I'm employing TDD quite a bit these days and really enjoying myself - everything seems to flow better and be naturally better constructed and organized. However, while writing a bit of IO code, utilizing
System.IO.Streams, and I was wondering - when is it ever worth not using a factory? Because in
Streams case, it certainly seems better to not use a factory.
Generally, for more complex types that I have defined, such as a class that controls the authentication of something and interfaces with a database, you would probably use a dependency injection container and have this resolved at runtime without ever needing to actually create one.
However, in some circumstances, when you need to create a lot of these instances, you would create a Factory to construct that type - such as:
Foo(Bar bar, Foobar foobar, Fuzz fuzz)
Here, because you don't want to expose how to directly create this object to the clients that need it, you expose a Factory that will create them and inject that into the client instead. This has the benefit of allowing you to replace the factory at any time you want with something else and is generally used for creating instances of types which have derived types.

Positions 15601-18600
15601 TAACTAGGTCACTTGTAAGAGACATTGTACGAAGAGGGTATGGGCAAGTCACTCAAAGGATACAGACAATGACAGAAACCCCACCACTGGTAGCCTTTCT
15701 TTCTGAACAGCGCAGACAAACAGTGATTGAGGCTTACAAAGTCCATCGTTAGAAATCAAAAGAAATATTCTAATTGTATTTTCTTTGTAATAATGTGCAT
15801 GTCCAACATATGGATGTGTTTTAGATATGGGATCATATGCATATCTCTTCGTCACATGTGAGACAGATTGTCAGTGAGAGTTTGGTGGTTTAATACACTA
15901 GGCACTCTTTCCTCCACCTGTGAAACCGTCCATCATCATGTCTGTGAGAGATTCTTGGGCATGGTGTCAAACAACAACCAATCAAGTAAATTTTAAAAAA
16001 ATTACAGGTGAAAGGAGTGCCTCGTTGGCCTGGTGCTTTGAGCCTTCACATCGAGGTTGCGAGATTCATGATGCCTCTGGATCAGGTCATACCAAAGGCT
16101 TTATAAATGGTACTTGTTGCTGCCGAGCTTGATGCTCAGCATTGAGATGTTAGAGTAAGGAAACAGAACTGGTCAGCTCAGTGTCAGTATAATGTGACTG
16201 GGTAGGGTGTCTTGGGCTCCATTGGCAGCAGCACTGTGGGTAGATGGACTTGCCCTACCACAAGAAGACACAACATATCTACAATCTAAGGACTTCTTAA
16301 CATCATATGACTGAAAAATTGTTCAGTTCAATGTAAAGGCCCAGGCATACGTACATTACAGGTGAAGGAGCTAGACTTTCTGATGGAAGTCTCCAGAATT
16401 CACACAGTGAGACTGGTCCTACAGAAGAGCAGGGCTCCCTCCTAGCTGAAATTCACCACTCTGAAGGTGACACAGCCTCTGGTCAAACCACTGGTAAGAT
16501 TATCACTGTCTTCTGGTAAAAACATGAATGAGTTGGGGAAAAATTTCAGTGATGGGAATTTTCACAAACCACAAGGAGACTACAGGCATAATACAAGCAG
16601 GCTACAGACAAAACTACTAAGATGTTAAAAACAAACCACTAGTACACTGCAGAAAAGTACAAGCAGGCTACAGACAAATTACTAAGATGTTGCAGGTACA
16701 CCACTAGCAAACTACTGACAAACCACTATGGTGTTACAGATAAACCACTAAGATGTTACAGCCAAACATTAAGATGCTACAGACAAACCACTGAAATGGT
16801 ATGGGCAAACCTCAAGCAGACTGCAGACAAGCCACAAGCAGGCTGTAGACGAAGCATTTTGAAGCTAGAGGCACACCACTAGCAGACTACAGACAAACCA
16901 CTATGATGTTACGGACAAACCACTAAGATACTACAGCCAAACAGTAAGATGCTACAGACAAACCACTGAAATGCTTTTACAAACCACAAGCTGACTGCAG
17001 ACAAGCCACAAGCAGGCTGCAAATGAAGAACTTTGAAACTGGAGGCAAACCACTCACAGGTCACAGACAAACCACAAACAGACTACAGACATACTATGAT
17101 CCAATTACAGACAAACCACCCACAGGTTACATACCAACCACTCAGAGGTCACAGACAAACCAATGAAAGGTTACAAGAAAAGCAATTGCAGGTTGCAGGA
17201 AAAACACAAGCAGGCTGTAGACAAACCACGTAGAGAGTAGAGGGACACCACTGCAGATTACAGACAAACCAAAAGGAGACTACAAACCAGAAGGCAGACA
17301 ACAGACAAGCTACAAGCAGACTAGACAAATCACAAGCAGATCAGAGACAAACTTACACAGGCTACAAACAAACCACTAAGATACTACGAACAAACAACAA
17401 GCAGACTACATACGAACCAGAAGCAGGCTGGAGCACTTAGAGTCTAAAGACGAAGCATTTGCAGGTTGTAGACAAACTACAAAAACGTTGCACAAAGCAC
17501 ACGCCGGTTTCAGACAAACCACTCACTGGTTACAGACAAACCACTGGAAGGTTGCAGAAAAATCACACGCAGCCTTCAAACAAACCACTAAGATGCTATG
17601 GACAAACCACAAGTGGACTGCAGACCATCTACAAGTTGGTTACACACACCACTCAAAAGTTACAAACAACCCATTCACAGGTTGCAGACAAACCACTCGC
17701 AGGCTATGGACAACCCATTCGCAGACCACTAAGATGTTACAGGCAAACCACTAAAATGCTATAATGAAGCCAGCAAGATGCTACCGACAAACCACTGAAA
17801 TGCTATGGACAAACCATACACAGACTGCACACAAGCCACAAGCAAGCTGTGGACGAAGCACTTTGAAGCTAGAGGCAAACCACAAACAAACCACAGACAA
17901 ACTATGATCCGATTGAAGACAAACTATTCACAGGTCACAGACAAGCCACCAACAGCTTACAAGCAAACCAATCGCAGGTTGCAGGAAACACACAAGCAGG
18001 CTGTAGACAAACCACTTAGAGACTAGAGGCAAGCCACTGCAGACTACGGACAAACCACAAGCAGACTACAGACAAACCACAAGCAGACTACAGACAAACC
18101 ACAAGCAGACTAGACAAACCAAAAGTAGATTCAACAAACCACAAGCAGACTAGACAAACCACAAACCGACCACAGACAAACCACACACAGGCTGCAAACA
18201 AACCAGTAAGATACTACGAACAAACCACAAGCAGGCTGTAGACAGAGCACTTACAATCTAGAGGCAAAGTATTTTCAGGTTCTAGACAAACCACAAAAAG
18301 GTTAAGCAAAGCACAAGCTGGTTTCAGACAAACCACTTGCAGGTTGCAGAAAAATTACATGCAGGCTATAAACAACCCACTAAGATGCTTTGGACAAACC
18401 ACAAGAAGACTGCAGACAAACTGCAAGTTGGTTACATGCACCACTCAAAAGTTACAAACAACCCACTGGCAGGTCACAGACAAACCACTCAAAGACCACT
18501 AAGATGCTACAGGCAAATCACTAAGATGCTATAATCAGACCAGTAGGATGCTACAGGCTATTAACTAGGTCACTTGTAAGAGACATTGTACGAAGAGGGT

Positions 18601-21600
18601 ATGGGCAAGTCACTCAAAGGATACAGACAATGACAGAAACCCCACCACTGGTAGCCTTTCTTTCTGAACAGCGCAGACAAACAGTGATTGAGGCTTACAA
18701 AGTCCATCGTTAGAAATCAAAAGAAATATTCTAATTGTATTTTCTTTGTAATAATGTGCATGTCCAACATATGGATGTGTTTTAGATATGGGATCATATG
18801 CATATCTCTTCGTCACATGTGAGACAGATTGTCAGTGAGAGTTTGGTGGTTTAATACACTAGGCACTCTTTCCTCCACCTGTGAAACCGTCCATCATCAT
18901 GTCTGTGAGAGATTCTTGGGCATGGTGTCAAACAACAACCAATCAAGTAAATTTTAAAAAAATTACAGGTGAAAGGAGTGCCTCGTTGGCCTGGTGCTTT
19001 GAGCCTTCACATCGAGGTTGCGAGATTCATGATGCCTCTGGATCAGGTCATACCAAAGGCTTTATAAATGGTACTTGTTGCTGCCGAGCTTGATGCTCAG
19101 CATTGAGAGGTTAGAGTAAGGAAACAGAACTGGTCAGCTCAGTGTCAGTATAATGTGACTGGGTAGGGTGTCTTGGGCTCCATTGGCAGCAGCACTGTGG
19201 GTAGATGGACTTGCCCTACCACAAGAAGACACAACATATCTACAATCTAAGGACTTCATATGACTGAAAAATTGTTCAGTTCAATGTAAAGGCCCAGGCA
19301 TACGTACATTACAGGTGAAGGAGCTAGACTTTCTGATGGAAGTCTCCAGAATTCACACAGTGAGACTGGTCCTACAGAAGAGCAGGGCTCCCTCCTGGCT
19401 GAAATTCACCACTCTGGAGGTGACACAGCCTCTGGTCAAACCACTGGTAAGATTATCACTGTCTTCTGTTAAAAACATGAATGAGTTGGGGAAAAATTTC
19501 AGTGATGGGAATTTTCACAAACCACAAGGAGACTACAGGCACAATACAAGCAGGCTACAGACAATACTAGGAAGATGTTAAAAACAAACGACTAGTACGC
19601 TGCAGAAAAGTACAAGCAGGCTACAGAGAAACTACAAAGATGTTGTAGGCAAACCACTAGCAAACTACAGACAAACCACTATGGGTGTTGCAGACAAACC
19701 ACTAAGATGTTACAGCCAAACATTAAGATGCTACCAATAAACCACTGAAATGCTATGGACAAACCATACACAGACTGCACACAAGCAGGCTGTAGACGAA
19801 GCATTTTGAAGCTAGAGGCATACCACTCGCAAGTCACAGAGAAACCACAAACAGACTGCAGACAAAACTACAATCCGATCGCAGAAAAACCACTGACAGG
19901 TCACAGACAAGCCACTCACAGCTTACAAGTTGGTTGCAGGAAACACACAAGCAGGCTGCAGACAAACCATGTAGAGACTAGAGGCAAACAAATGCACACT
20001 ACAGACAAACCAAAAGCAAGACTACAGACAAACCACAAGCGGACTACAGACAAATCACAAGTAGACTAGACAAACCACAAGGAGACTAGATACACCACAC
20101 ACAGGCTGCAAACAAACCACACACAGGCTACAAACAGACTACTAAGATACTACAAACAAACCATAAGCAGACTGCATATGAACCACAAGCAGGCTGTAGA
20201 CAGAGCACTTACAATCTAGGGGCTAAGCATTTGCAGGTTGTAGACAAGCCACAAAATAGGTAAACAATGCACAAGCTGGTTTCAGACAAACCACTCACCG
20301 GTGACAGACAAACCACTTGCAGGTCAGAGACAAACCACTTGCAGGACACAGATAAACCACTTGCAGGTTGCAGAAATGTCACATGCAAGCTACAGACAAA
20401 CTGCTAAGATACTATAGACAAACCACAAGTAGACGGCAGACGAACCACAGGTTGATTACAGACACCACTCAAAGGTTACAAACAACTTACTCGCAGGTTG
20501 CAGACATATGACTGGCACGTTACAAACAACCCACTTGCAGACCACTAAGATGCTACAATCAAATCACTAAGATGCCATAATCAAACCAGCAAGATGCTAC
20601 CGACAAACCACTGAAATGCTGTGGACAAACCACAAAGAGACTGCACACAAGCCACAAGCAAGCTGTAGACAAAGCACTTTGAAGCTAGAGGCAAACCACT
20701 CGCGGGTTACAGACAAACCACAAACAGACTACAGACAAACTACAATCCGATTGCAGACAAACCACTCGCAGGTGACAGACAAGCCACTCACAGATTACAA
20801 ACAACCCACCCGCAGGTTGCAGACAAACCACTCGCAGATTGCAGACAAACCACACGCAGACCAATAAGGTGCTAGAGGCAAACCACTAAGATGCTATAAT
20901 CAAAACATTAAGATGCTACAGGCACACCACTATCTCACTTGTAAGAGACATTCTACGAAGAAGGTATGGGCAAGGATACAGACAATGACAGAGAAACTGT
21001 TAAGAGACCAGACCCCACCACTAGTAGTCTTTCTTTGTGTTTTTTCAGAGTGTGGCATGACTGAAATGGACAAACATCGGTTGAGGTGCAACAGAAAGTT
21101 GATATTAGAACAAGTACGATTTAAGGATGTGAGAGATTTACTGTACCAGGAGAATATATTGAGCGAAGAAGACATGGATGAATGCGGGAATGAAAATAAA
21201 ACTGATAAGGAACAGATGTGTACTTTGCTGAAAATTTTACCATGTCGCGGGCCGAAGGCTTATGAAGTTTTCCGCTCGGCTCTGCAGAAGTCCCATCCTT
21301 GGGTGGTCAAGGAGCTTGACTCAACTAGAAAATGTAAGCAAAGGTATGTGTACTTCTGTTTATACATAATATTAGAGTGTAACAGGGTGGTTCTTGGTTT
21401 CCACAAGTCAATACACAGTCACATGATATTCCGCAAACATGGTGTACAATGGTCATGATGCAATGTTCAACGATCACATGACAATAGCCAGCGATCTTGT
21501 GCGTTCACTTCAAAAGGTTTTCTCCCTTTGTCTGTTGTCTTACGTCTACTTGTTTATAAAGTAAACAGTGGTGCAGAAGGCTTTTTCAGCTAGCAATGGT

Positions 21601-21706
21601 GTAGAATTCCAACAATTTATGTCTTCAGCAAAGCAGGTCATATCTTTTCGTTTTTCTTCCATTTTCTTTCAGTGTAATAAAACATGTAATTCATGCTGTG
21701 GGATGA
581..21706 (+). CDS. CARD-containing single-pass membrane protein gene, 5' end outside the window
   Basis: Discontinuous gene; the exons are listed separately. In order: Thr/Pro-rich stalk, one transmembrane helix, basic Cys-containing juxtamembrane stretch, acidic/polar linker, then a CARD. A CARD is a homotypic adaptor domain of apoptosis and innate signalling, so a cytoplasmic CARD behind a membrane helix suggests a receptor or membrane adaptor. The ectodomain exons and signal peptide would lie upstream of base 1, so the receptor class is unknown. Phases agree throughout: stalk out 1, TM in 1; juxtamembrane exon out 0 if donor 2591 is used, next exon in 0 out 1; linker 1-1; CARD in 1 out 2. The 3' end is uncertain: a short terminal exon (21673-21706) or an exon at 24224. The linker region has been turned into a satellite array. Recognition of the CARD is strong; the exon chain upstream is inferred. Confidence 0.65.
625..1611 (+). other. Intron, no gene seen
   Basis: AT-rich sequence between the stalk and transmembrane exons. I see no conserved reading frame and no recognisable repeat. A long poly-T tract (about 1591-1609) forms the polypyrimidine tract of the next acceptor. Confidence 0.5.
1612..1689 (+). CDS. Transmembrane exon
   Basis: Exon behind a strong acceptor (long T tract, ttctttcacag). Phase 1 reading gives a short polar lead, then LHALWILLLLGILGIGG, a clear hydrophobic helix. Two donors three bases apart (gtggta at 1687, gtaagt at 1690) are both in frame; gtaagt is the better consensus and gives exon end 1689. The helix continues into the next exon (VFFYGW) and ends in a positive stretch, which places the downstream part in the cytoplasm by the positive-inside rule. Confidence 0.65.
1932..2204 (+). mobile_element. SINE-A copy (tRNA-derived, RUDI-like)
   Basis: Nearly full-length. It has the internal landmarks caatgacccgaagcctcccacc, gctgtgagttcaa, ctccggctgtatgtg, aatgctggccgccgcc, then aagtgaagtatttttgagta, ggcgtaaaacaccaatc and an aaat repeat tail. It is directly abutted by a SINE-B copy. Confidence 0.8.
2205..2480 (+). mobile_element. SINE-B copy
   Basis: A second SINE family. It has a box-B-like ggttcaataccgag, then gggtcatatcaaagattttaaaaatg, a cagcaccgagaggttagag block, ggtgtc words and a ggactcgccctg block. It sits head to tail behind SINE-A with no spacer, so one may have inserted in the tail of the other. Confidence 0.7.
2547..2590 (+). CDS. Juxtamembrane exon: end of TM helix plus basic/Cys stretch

void Create(Bar, Foobar, Fuzz)
However, back to my
Stream point - would it even be worth creating a Factory for a decorator around a Stream? For example, in my project I have
BinaryDataStream, which reads my data from a Streeam. The BinaryData is in a custom format, and takes a Stream argument in it's constructor. Using
new seems to violate everything I know that I've learned since I started using TDD, because I am giving the dependent in which it needs to know explicitly about how to get it's collaborator However a factory seems overkill.
EDIT: I think I need to clarify. I don't mean avoiding new() all the time, as obviously it has it's use in tying up dependencies and the like. however, I meant in the following situation (copy-pasta from comments):
What I meant was that I have been told it is intrinsically evil to use the new() operator to a collaborator from inside the type that uses the collaborator, and that it is better to either a) pass an injected type or b) pass a factory (if you need to create an unknown number of those types). By using new() inside the collaborator you tie how to create that object and where to create it directly to the thing that requires it, and that it is better to inject a preconfigured instance into the constructor if you need one instance of it, or inject a factory into the constructor if you need to create multiple/undetermined number of instances